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3 Gen. Well worth the seeing.
3 Gen. As well as I am able. The rich stream
2 Gen. But, pray, what follow'd ? 3 Gen. At length her Grace rose, and with modest
paces Came to the altar, where she kneelid; and, saint-like, Caft her fair eyes to heav'n, and pray'd devoutly, Then rose again, and bow'd her to the people ; When by the Archbishop of Canterbury, Sh' had all the royal makings of a Queen ; As holy oil, Edward Confeffor's Crown, The rod, and bird of peace, and all such emblems Laid nobly on her; which perform’d, the choir, With all the choiceft musick of the kingdom, Together iung Te Deum. So she parted, And with the same full state pac'd back again :like rams.] That is, like battering rams,
To York-Place, where the feast is held.
3 Gen. I know it ; But 'tis so lately alter'd, that the old name Is fresh about me.
2 Gen. What two reverend bishops Were those that went on each side of the Queen ?
3 Gen. Stokesly and Gardiner ; the one of Wincbelter, . Newly preferr'd from the King's Secretary ; The other, London.
2 Gen. He of Winchester Is held no great good lover of th’ Archbishop, The virtuous Cranmer. 3
Gen. All the land knows that ; However, yet there's no great breach ; when 't comes, Cranmer will find a friend will not shrink from him.
2 Gen. Who may that be, I pray you?
3 Gen. Thomas Cromwell,
2 Gen. He will deserve more.
3. Gen. Yes, without all doubt. Come, gentlemen, you shall go my way, Which is to th'Court, and there shall be my guests; Something I can command; as I walk thither, I'll tell ye more.
Both. You may command us, Sir. [Exeunt.
Enter Catharine Dowager, fick, led between Griffith
ber gentleman usher, and Patience ber woman. Grif. Ow does your Grace?
Cath. O Griffith, fick to death ; My legs, like loaded branches, bow to th' earth, Willing to leave their burden. Reach a chair So-Now methinks, I feel a little ease. [Sitting downo Didft thou not tell me, Griffith, as thou led'st me, That the great child of honour, Cardinal Wolsey, Was dead?
Grif. Yes, Madam ; but I think, your Grace, Out of the pain you suffer’d, gave no ear to't.
Caib. Prythee, good Griffiib, tell me how he dy'd,
Grif. Well, the voice goes, Madam.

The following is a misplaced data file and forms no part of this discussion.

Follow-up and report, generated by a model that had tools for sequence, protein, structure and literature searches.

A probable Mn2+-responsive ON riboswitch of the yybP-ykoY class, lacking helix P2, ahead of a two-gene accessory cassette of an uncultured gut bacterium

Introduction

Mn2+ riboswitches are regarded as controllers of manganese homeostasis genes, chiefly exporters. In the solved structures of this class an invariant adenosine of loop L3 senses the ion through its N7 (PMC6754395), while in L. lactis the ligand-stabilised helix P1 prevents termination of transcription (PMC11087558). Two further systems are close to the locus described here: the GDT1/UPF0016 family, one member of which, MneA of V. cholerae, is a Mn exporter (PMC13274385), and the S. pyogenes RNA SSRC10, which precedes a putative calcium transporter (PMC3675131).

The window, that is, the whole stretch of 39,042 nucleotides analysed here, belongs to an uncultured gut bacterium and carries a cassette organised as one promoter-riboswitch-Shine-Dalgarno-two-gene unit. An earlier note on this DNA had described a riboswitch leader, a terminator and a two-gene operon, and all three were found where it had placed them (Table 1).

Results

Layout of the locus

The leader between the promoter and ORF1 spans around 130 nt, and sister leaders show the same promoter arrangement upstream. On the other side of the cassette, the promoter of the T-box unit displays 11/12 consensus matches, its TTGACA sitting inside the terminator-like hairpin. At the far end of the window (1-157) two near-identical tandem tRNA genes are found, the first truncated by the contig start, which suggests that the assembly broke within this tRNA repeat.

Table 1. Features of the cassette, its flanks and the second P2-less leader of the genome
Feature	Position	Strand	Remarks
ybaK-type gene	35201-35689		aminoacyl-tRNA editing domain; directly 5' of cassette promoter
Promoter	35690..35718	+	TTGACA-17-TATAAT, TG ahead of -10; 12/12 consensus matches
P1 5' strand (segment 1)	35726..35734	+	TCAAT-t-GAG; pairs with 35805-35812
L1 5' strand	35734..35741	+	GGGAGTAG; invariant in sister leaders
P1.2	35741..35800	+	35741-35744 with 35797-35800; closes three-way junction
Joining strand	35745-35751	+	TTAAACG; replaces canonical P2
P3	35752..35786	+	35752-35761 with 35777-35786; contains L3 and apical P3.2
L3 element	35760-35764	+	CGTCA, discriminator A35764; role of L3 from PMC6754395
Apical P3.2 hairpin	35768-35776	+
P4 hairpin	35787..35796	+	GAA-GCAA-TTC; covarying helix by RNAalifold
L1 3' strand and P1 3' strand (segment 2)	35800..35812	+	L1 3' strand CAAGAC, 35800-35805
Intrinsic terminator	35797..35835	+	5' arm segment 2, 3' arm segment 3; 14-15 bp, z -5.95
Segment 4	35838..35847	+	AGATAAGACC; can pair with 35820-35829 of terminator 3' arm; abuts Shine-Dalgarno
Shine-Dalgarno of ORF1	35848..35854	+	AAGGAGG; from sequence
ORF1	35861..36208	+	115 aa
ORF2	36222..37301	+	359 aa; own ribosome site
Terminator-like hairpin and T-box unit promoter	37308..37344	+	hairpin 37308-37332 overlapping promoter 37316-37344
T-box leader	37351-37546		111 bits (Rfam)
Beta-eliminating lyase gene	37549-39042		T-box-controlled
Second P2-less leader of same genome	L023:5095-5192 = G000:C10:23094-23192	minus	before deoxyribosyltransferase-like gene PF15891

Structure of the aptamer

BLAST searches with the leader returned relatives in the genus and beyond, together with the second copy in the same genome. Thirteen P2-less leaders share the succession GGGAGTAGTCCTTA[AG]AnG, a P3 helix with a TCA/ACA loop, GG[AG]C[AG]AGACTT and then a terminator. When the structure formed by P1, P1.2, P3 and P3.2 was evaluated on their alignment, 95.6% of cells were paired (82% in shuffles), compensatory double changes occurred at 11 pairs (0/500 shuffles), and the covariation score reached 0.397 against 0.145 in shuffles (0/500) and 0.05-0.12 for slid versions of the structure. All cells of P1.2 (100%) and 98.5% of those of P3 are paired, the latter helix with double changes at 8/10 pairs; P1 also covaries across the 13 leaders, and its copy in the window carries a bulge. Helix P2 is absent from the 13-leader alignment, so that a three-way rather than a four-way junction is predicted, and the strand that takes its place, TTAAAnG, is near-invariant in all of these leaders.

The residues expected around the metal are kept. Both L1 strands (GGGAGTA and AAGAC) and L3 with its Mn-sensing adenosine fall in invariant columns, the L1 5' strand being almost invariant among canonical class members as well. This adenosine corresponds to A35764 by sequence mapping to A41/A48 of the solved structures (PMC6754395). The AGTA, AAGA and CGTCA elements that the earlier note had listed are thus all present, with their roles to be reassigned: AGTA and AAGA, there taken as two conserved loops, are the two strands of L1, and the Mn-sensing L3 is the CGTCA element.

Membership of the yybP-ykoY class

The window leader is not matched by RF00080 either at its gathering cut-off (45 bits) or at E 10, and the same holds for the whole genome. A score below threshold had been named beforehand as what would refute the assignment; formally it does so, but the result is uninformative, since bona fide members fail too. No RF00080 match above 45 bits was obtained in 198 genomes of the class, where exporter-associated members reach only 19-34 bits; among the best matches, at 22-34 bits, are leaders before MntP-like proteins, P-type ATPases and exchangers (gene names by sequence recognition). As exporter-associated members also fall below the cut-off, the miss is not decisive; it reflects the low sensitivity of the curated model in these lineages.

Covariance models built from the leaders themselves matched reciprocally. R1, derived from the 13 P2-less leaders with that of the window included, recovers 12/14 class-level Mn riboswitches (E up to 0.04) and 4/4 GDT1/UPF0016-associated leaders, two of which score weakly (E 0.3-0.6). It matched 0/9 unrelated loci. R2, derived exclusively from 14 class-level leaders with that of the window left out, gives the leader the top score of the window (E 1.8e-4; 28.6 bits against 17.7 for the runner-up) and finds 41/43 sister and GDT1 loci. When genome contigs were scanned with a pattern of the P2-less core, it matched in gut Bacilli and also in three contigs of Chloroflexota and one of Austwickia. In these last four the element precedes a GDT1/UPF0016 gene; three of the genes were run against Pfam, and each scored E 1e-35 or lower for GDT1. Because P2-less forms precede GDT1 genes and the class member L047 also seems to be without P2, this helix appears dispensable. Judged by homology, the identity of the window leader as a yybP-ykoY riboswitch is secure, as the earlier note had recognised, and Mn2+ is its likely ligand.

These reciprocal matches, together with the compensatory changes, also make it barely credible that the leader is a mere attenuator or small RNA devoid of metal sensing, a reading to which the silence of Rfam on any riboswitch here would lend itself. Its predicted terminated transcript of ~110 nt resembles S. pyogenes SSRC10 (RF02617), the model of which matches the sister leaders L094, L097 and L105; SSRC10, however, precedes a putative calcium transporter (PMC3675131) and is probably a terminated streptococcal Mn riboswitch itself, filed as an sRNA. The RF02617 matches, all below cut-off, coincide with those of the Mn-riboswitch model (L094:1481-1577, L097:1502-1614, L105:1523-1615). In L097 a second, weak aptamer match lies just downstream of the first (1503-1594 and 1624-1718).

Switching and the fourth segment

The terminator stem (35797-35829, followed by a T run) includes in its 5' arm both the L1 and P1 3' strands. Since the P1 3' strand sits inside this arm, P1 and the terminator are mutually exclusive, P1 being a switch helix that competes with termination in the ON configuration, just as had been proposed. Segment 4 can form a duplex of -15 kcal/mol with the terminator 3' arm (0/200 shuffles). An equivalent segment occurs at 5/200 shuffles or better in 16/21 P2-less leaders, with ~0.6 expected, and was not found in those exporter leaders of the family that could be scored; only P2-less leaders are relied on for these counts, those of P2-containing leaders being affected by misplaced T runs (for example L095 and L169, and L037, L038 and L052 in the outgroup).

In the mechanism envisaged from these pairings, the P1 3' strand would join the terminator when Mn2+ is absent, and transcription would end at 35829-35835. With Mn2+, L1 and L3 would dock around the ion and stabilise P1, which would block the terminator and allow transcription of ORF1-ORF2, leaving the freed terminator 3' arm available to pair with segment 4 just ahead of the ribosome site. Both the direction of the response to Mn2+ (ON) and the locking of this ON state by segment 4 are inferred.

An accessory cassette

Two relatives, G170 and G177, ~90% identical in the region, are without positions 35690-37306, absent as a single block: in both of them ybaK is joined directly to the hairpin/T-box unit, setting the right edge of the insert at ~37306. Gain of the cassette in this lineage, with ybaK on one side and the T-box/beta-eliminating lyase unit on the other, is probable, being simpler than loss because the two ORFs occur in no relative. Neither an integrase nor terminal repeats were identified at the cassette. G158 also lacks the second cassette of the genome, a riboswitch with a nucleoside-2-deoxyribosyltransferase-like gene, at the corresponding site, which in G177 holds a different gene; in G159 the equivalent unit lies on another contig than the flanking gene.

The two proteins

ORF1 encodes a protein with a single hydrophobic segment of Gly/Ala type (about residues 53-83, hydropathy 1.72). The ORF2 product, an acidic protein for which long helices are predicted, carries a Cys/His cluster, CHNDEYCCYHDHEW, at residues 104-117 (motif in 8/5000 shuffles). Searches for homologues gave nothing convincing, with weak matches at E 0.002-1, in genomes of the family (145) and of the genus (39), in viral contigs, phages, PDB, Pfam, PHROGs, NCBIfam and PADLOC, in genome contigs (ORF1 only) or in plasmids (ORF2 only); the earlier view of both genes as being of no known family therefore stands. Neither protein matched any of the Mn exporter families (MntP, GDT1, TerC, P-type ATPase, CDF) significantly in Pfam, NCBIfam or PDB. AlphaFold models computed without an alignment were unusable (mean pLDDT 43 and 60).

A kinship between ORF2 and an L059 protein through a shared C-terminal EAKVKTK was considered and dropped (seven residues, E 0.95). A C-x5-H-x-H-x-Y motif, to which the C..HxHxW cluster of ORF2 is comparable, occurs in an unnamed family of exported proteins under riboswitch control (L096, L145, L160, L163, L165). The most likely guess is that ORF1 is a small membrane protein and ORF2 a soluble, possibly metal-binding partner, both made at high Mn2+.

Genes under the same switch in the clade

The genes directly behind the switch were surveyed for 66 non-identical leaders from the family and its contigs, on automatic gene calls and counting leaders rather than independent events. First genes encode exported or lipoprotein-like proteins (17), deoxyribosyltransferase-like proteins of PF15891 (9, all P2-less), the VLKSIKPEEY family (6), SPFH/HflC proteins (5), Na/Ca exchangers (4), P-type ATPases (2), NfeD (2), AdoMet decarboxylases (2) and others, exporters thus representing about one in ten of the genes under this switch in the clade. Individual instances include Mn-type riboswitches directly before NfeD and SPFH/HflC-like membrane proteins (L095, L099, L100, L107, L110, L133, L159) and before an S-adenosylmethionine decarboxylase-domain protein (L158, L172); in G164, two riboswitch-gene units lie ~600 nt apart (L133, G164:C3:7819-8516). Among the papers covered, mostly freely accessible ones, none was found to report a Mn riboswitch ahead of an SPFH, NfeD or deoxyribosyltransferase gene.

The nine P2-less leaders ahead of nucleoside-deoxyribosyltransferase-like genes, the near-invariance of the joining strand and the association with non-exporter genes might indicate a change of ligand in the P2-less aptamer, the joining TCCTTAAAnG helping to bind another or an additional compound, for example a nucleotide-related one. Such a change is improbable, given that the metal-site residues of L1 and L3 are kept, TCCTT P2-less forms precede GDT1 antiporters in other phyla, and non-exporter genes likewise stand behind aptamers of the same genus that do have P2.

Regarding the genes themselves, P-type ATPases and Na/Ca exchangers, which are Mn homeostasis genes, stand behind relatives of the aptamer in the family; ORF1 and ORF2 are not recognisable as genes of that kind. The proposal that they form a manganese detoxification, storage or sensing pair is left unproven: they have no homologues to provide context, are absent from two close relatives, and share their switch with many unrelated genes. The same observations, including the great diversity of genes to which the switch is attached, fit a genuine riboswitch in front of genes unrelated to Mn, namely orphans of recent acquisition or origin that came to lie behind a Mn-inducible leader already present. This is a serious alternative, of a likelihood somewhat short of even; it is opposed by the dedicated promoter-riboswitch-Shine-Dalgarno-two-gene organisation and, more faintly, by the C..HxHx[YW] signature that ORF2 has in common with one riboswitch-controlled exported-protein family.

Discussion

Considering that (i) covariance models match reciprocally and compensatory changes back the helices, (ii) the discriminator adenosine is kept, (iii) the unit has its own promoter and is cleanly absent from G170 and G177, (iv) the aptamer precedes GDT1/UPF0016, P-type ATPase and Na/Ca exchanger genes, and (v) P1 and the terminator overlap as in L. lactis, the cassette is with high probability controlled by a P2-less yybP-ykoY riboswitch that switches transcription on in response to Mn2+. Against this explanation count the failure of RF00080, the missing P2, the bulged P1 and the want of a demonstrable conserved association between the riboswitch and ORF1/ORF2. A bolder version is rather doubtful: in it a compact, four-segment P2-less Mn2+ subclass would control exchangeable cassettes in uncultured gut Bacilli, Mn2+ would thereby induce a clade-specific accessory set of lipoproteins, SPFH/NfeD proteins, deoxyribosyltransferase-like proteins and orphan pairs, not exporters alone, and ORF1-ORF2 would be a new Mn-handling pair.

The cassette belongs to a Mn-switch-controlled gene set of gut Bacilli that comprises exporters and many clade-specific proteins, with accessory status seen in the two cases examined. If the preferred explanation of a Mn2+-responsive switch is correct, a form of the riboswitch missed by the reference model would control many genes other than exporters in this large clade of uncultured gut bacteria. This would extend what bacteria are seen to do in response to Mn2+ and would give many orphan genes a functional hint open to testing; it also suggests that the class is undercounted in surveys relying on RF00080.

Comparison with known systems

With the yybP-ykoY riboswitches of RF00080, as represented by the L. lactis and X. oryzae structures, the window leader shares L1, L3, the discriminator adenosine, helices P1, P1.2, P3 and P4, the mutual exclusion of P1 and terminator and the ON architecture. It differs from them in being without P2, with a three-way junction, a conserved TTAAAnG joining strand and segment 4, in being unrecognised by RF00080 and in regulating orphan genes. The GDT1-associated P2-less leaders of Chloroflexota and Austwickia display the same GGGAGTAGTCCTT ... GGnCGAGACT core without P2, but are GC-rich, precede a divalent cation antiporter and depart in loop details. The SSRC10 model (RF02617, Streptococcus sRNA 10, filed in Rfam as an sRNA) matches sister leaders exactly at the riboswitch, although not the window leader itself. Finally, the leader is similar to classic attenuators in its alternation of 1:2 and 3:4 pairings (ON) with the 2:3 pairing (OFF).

Ceth. Alas, poor man!
Grif. At last, with easy roads he came to Leijter Lodg’d in the Abbey; where the rev'rend Abbot, With all his Convent, honourably receiv'd him ; To whom he gave these words, “O father Abbot, “ An old man, broken with the storms of state
4 This scene is above any o without the help of romantick ther part of Shakespeare's trage. circumstances, withoatimprobadies, and perhaps above any ble sallies of poetical lamentascene of a y other poet, tender tion, and without any throes of and pathetick, without gods, or tumultuous mifery. furies, or poisons, or precipices,
“ Is come to lay his weary bones among ye ;
Cath. So may he reft, his faults lie gently on him!
Grif. Noble madam,
Sone, that by suggestion gerit. So that nothing could be
Tyd all the kingdom; ] i. e. leverer than this reflexion, that by giving the King pernicious that wholsome counsel, which is counsel, he ty'd or enslaved the is the minister's duty to give his kingdom. He uses the word prince, was so empoisoned by here with great propriety, and him, as to produce llavery to his feeming knowledge of the Latin country. Yet all this fine sense tongue. For the late. Roman vanilhes instantaneously before writers and their gloffers, agree the touch of the Oxford Editor, to give this sense to it : SUG- by his happy thought of changGESTIO eft cum magiftratus qui- ing Ty'd into Tytb'd. kibet principi falubre confilium Jug
Catb. Yes, good Griffith, were malicious else.
Griff. This Cardinal,
Cath. After my death I wilh no other herald,
-Patience, be near me still, and set me lower.